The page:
We do have some documentation that can help build a reasonable history of the industry’s development, but other areas must be filled-in by presumption. For example, there are records to show that an Englishman by the name of William Gybbons negotiated with some marine insurance underwriters in 1536 to insure his life for one year. The death benefit was approximately $2,000; the single premium was about $80 in current values. We have no record of why the insurance was purchased, but we do know that Mr. Gybbons used the insurance—he died four days before the end of the contract period.
The underwriters were dismayed at their loss and regretted that, in their greed, they got away from their core business, which was to insure ships and cargo—the most prominent form of wealth recognized in those days. Their reluctance to pursue life underwriting paved the way for the development of a life insurance industry in England that found its way to America in 1759.
In 1835 New England Mutual Life was chartered. Soon thereafter, a number of mutual life insurance companies were formed, but sales were not brisk. The product in that era was dismal: it was a term death benefit and was bought in small amounts, usually to cover funeral expenses. In those days, the value of a life was measured by possessions and not by the person’s ability to produce future wealth. The life insurance industry got a big lift following the success of Elizur Wright in forcing a non-forfeiture law through Massachusetts legislature in 1860. His effort marked the beginning of cash value accumulations in a life insurance policy.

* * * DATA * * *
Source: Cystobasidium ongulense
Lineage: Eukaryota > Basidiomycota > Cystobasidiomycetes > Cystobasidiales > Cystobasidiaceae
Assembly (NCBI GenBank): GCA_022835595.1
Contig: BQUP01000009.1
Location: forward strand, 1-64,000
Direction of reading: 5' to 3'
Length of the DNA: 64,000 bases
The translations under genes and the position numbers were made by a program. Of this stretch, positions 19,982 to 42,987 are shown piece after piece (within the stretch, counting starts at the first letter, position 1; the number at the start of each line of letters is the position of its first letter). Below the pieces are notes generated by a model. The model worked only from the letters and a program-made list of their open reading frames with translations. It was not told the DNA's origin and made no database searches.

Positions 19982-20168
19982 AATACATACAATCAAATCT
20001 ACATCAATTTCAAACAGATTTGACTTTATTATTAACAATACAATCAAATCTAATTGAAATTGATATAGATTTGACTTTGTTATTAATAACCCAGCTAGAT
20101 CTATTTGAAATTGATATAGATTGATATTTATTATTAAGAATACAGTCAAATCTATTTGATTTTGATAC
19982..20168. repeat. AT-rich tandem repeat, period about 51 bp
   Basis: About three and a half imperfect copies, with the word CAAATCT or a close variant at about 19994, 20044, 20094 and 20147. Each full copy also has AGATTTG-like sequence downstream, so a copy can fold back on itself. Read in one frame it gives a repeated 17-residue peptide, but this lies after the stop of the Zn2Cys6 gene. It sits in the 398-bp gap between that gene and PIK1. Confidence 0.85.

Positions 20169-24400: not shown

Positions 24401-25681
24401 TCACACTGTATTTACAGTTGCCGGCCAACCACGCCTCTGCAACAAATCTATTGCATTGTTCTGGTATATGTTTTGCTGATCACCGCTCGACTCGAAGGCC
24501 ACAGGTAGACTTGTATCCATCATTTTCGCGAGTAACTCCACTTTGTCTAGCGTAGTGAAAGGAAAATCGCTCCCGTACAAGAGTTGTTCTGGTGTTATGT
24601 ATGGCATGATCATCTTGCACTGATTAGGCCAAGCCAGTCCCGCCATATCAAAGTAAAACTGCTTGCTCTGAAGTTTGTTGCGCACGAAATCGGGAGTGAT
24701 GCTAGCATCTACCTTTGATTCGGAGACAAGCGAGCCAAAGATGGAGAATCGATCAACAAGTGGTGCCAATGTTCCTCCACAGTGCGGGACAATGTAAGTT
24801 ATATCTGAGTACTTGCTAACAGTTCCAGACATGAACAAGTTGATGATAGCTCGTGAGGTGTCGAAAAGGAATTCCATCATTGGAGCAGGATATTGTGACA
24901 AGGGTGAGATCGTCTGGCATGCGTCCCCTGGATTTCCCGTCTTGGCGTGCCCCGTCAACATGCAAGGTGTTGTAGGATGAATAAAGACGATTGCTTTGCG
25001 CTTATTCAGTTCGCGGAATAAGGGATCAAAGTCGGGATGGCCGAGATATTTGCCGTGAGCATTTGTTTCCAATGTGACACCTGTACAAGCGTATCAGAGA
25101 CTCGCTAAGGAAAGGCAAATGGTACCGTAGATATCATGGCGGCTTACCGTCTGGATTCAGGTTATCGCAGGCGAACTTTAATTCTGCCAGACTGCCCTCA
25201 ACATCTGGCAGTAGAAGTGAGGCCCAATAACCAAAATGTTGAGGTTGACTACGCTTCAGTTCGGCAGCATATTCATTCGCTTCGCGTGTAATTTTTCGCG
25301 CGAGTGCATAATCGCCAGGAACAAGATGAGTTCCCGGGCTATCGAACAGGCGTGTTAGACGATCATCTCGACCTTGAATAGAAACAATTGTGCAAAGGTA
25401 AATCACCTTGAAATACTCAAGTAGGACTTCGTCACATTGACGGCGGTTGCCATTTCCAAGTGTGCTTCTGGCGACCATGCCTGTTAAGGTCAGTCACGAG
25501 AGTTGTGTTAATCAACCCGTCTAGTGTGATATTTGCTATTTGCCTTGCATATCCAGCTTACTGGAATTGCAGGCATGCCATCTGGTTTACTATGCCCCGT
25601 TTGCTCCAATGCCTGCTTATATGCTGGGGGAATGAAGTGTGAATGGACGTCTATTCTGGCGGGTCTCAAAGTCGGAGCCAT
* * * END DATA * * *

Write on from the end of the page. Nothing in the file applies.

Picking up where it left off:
This was a time in history when banks were paying zero interest to savings customers. Life insurance companies started crediting 2% interest on the policy reserves, and Wall Street financiers soon recognized that 2% was better than zero percent. Investment firms encouraged life companies to sell the idea of cash value life as an insurance savings and retirement plan. As life sales increased, so did the commissions of Wall Street firms that served as investment counselors to life companies.
Casualty companies sustained a high interest in writing workers’ compensation coverage, and some, for a period of time, had rather aggressive departments that offered forms of individual Accident and Health coverage. Ultimately these plans were abandoned due to the modest production experienced by the companies. The life and casualty companies’ lack of interest in disability insurance left a large niche for specialty companies to enter the field. The well-known New England based disability companies stressed non-cancelable coverage, while a few of the specialty companies introduced commercial or cancelable coverage.